On Tuesday October 16th, after many months of practices, planning meetings, fund raising, etc. 27 members of the adult choir of St. Anthony on the Lake Parish (Pewaukee, WI) and 22 travel companions departed for Italy. Their pilgrimage began like all trips from St. Anthony’s, with a prayer circle in the narthex of the church, led by our retired pastor and spiritual director for the trip, Fr. Joe Hornacek.
We packed into rented “party limo buses” for the trip to Chicago’s O’Hare airport. Fortunately the dancing pole was well hidden and the champagne flutes were empty although the group was pretty sure it was five o’clock somewhere… The international terminal at O’Hare is nothing to write home about and unless you must pass through, avoidance is recommended. After a long flight on a British Airways Boeing 777 and a short layover at London’s Heathrow airport, we were on a BA Airbus 319 bound for Venice, Italy. Everyone with a window seat was treated to a wonderful view of the Alps which separate Italy from Switzerland.
No luggage was lost, money was converted to euros with little pain and we met our tour guide Elizabeth and our bus driver Allesandro for the ride to Padua. You’re right…a long flight, a short flight and a several hour bus ride makes for lots of sitting.
Padua, Italy is the city where St. Anthony, the patron saint of our parish, died and our pilgrimage for the day was to visit the basilica built in his honor. While the size of the church was apparent as we approached,
We were not prepared for the beauty inside. As the basilica is decorated with many “fresco” paintings, and it seems that many tourists don’t understand the meaning of “no flash photography”, no photos were allowed inside the basilica. Next best thing? Scan a post card… The main church:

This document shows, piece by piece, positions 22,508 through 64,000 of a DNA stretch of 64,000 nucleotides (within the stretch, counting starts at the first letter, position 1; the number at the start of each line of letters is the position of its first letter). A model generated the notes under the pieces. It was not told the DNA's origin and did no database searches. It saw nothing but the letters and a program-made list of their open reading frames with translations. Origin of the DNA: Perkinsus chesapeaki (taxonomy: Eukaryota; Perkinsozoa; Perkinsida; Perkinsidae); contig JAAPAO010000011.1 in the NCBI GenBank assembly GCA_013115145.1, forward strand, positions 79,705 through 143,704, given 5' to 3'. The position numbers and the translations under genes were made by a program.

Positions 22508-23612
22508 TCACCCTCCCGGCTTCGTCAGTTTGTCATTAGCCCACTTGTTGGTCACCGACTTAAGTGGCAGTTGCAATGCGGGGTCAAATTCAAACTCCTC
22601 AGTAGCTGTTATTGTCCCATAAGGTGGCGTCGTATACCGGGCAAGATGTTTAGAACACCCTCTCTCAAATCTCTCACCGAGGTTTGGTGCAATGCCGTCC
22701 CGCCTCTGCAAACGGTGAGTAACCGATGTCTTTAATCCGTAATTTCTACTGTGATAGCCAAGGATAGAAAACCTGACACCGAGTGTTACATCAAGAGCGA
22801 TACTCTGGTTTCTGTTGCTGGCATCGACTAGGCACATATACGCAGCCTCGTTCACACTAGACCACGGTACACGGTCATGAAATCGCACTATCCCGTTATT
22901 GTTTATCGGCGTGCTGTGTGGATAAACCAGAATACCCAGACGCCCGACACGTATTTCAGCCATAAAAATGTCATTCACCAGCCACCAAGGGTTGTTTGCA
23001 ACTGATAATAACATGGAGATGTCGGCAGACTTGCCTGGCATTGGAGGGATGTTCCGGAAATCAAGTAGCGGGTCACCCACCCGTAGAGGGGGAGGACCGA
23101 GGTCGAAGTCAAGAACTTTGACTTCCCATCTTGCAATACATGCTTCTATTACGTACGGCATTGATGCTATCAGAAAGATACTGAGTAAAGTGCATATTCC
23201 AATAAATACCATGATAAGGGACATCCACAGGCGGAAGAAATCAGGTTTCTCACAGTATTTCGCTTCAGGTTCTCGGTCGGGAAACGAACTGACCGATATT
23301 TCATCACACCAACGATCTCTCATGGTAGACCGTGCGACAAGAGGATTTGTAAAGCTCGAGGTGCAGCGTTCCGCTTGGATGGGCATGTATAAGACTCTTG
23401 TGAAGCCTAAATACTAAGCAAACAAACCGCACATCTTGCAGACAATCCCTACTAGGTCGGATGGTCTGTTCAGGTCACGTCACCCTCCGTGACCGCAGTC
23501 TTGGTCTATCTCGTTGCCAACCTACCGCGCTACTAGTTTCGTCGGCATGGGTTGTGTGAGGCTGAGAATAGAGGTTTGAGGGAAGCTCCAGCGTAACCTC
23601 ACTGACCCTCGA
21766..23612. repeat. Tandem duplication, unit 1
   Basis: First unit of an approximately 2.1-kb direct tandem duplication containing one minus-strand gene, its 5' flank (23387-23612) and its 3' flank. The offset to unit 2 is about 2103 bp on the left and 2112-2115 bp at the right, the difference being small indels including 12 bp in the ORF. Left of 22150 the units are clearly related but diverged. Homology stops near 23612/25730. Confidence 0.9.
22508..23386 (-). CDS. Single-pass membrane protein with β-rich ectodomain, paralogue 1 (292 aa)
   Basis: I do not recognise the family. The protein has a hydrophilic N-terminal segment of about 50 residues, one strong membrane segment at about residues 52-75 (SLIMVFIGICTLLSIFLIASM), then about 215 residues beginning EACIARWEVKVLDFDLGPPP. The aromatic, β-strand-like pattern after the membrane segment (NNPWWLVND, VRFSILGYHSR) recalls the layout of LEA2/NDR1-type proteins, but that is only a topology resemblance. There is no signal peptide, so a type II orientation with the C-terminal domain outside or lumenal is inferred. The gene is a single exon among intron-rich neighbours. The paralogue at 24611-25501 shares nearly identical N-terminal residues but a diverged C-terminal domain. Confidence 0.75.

And, the chapel enshrining the relics (tongue and lower jawbone – he was considered to be a great preacher) of St. Anthony:
As we found out quickly, streets are narrow and there were many opportunities to walk where the bus couldn’t go so we began to stretch out the cramps from plane and bus right away.
This provided many opportunities to see interesting architecture and artifacts…and take a photo or two 🙂 For example, the city seal is embedded in the sidewalk every 100 meters or so. Its a brass or bronze disc about 10 centimeters in diameter.
There were interesting buildings like this one:
And public bathrooms (WC = Water Closet) which were best avoided (you’d think since you have to pay to use them they would at least be clean…but no):
In the center of Padua is a lovely park with a large fountain and many flying rats (aka pidgeons):
Streets near the Basilica were busier and had more kiosks, both on the sidewalk:
And right in the middle of the street:
Despite the uneven cobblestones and insane drivers (“red lights are optional and the white stripe is a suggestion” – Elisabeth) many people ride motor scooters or bicycles and we saw all kinds:
There were plenty of arches like these to catch my lens:
And I’m sure this triumphant arch led to something important at one time although today the area behind it is used for tourist bus parking:
I was surprised at how many ways there are to spell Padua…
In the evening we took the bus to Mestre, for a wonderful dinner at the Antony Hotel and a much needed night of sleep.
So, there you have it, the first day of our tour. Please let me know what you think of this method (blog narrative) of sharing my trip photos. For those who want the old “overload method” here’s all the photos from Italy Day 01, travel and tour Padua.
7 thoughts on “Italy, the journey begins”
Awesome Steve! Love the blog format, can’t wait to read more….
Beautiful, loved the pace…keep it up.l
beautiful…love the pace,…keep it up.
Added link to slideshow of the day’s photos, for those who want to see it all 🙂
St. Anthony had the most beautiful open courtyards, all of us missed seeing one of them and several people missed another one! They are tucked around corners and down halls, just like the roads in these ancient communities!
I love the narration instead of just looking through the pictures!
Steve, you have a wonderful career as a travel writer should you wish to persue.